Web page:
7. Faulty cables. When replacing a "bad" sensor in an existing field application, be sure to also check the condition of the quick-disconnect cable or cord set. In many cases, the pins or sockets are weakened or corroded, leading to intermittent operation. Replacing only the sensor may temporarily restore electrical contact, but it will certainly fail again because the root cause, a faulty mating connector, has not been corrected. Depending on the cost of the sensor being replaced, this can be a pretty costly situation when, in fact, a relatively inexpensive replacement connector cable could have solved the problem in the first place.
8. Intelligent sensors. Consider adopting intelligent sensors that can be scaled, calibrated or configured remotely in order to shorten changeover time, automate sensor re-configuration and facilitate remote sensor diagnostics.
9. Advance warning. An important trend in sensors is to upgrade or augment discrete on-off sensors with sensors that provide a continuously variable output signal, either analog or digital. Continuous sensor output signals enable much higher levels of operational sophistication, such as fault prediction and statistical process control. Through analysis of sensor data, machine controllers can alert operators of impeding problems before they actually become a problem. An optical analog sensor, for example, may measure the bend angle on a stamped part. If the bend angle begins to drift beyond a given +/- tolerance, the sensor will detect the change and the machine controller tolerance limits can alert the production team before bad parts are produced.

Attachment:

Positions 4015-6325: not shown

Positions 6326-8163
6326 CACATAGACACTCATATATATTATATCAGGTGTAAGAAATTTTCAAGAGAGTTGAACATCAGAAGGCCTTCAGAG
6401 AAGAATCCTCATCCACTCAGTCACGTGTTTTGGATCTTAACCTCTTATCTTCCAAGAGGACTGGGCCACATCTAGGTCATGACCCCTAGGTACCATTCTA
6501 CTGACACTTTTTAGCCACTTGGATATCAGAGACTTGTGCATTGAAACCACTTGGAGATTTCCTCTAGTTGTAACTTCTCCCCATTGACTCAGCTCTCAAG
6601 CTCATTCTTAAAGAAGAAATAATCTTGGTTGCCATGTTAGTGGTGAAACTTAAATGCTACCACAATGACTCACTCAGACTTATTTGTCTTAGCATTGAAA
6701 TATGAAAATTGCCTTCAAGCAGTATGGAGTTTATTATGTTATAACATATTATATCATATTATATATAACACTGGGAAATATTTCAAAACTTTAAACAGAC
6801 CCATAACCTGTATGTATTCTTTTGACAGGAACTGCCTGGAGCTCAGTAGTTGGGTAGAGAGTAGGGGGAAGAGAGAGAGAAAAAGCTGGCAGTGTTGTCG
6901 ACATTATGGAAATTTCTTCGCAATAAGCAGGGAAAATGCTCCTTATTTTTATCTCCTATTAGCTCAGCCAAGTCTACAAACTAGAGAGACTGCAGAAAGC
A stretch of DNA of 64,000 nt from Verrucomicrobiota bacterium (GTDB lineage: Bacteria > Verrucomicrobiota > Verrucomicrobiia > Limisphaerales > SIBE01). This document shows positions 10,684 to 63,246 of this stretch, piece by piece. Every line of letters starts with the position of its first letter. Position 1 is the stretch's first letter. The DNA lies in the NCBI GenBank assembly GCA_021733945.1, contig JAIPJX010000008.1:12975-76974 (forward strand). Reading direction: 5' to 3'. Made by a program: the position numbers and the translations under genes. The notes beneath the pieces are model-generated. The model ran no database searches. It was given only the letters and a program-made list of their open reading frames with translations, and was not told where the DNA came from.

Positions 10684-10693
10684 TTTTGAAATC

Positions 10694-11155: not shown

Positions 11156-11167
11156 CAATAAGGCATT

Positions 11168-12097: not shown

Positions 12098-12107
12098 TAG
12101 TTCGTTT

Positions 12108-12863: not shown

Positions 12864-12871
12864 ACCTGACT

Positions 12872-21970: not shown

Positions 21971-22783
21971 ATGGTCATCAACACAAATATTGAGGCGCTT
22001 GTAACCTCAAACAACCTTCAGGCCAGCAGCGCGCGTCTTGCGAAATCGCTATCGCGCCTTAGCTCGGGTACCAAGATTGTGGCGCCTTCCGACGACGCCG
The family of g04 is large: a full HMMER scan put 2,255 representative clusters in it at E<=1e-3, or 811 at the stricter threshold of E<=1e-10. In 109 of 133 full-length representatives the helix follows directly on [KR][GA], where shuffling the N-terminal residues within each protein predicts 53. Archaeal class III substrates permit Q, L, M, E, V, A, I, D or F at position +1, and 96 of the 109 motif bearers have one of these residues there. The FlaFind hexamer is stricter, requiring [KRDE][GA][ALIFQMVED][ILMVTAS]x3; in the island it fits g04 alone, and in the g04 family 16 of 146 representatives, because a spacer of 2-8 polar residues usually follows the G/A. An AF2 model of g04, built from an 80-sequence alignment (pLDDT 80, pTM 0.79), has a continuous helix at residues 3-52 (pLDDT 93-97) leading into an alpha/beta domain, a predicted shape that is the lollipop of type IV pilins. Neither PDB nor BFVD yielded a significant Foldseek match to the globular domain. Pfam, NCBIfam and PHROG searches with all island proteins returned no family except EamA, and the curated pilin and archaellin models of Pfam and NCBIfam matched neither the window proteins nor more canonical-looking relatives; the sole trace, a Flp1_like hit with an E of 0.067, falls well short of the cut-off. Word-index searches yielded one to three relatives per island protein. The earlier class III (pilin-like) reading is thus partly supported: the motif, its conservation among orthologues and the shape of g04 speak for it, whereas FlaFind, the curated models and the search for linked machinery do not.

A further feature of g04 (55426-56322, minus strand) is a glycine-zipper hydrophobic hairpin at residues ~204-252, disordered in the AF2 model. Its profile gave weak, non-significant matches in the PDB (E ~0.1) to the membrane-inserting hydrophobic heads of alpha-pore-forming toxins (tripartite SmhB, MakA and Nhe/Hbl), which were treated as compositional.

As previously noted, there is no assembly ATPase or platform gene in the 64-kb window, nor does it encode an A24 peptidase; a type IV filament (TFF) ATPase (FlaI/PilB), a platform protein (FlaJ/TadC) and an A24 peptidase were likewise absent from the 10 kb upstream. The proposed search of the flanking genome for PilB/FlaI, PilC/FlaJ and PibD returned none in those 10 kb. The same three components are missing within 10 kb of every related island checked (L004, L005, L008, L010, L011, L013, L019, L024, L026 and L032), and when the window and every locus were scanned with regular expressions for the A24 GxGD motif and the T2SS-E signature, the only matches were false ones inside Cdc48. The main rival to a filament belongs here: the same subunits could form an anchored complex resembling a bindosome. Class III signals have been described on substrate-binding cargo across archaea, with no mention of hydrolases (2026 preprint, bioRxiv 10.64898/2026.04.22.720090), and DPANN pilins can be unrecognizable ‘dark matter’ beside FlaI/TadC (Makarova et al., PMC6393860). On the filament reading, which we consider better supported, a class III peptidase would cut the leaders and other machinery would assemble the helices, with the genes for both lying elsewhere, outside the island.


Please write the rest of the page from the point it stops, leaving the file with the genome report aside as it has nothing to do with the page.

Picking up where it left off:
10. More sensor tips. If changes are required, ensure proper calibration and document it in the software changes in the DCS. A built-in display unit for local monitoring of process data is recommended. Follow selection guides and material. Install the sensor in a proper rack/enclosure if the dust level is high. Put proper tags at the site to guide servicing. After commissioning, put the instrument on continuous monitoring/trending to make sure readings are correct and the calibration is accurate before handing it off to operations personnel.
Operating environment critical factor
Don't overlook critical details about environmental conditions when choosing a photoelectric sensor. Typical selection criteria include sensing range, electrical output, connection type, etc. However, in order to get the best results, sometimes users need to go beyond these basic criteria and include other critical details. These factors often end up as some of the most important considerations:
1. Are there sudden temperature changes? Condensation can build up on the lens. Some sensors are more immune to internal condensation than others.
2. Is it an extremely dusty environment? This can be particularly challenging if the sensor is mounted looking up. Consider mounting the sensor to look down. Another option would be to select an infrared LED sensor, which is better at seeing through dust and fog than a standard red LED sensor. Sometimes users will even direct an air purge at the lens to prevent accumulation of dust or particles.